Unusual Eating Habits as an Early Indicator of Autism


A recent study from investigators at the Penn State College of Medicine found that atypical eating behaviors were present in 70.4% of children with autism.

autistic child with doctor

Results of a recent study suggest that unusual eating behaviors, appearing in children as early as 1 year of age, could be a potential diagnostic indicator for autism and other disorders.

Investigators from the Penn State College of Medicine found that atypical eating behaviors were present in 70% of children with autism, which is 15 times more common than in neurotypical children. They also found increased rates of atypical eating behaviors in children with ADHD, language disorders, and learning disabilities. 

"If a primary care provider hears about these behaviors from parents, they should consider referring the child for an autism screening," said lead investigator Susan Mayes, PhD, professor of psychiatry at Penn State College of Medicine. 

Investigators observed a cohort of 2102 children between the ages of 1 and 18 years old to evaluate the potential association between unusual eating habits and atypical development. Of the 2102, 1462 had autism, 327 had other disorders, and 313 were neurotypical children.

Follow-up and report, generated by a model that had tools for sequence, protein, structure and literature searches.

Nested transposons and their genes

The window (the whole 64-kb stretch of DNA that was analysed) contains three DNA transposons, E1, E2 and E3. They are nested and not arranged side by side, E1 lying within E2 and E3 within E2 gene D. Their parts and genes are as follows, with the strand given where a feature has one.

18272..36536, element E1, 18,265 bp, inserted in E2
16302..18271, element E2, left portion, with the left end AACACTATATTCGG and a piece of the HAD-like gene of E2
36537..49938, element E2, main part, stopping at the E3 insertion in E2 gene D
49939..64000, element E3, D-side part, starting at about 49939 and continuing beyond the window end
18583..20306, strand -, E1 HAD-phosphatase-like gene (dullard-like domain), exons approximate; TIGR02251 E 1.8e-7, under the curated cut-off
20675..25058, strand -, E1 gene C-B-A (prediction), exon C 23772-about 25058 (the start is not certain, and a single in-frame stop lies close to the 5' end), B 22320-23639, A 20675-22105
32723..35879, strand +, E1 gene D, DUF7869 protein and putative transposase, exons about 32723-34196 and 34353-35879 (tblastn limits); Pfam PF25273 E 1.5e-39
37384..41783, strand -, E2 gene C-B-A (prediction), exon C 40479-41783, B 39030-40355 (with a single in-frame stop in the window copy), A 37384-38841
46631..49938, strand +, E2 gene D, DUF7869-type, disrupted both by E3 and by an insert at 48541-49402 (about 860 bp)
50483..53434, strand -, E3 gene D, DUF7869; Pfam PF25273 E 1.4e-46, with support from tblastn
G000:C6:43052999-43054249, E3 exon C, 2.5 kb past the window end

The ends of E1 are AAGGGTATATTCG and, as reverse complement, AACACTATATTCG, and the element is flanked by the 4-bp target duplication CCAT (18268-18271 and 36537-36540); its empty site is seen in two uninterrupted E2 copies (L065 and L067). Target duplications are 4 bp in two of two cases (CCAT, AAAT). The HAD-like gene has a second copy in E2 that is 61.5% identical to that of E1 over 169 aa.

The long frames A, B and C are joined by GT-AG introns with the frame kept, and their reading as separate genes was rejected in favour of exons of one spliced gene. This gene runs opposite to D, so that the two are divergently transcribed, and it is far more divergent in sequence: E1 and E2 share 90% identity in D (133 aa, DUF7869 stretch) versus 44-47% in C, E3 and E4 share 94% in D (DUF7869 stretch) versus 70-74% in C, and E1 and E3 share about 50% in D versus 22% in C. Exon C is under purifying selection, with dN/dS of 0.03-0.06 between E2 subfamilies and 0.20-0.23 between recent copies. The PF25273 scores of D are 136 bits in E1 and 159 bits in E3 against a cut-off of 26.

Disorders included in the other disorders cohort included ADHD, intellectual disability, language disorder and learning disabilities. The mean age of the entire study population was 7.3 years. Investigators assessed participants eating behaviors via the Checklist for Autism Spectrum Disorder, which was based on a standardized parent interview conducted by licensed psychologists. 

Upon analyses, investigators found that atypical eating behaviors were significantly more common among children with autism (70.4%) than in children with other disorders (13.1%) or typical children (4.8%). In children with autism and atypical eating behaviors, the most common behavior was limited food preferences (88%).

Hypersensitivity to food textures (46%), eating only one brand of food (27%), pocketing food without swallowing (19%), and pica (12%) were also common among children with autism. Investigators noted that among children with autism who had atypical eating behaviors, 25% had 3 or more atypical eating behaviors compared to 0% for children with other disorders or typical development.

Pica and pocketed food behaviors were only exhibited among children with autism. Among children with autism and limited food preferences, chicken nuggets and/or grain products were the most preferred food for the majority (92%) of the group.

Within their conclusion, investigators noted that results of the study can suggest atypical eating behaviors could serve as indicators to alert physicians to the possibility of autism or other disorders in children. 

This study, titled “Atypical eating behaviors in children and adolescents with autism, ADHD, other disorders, and typical development,” is published in Science Direct.

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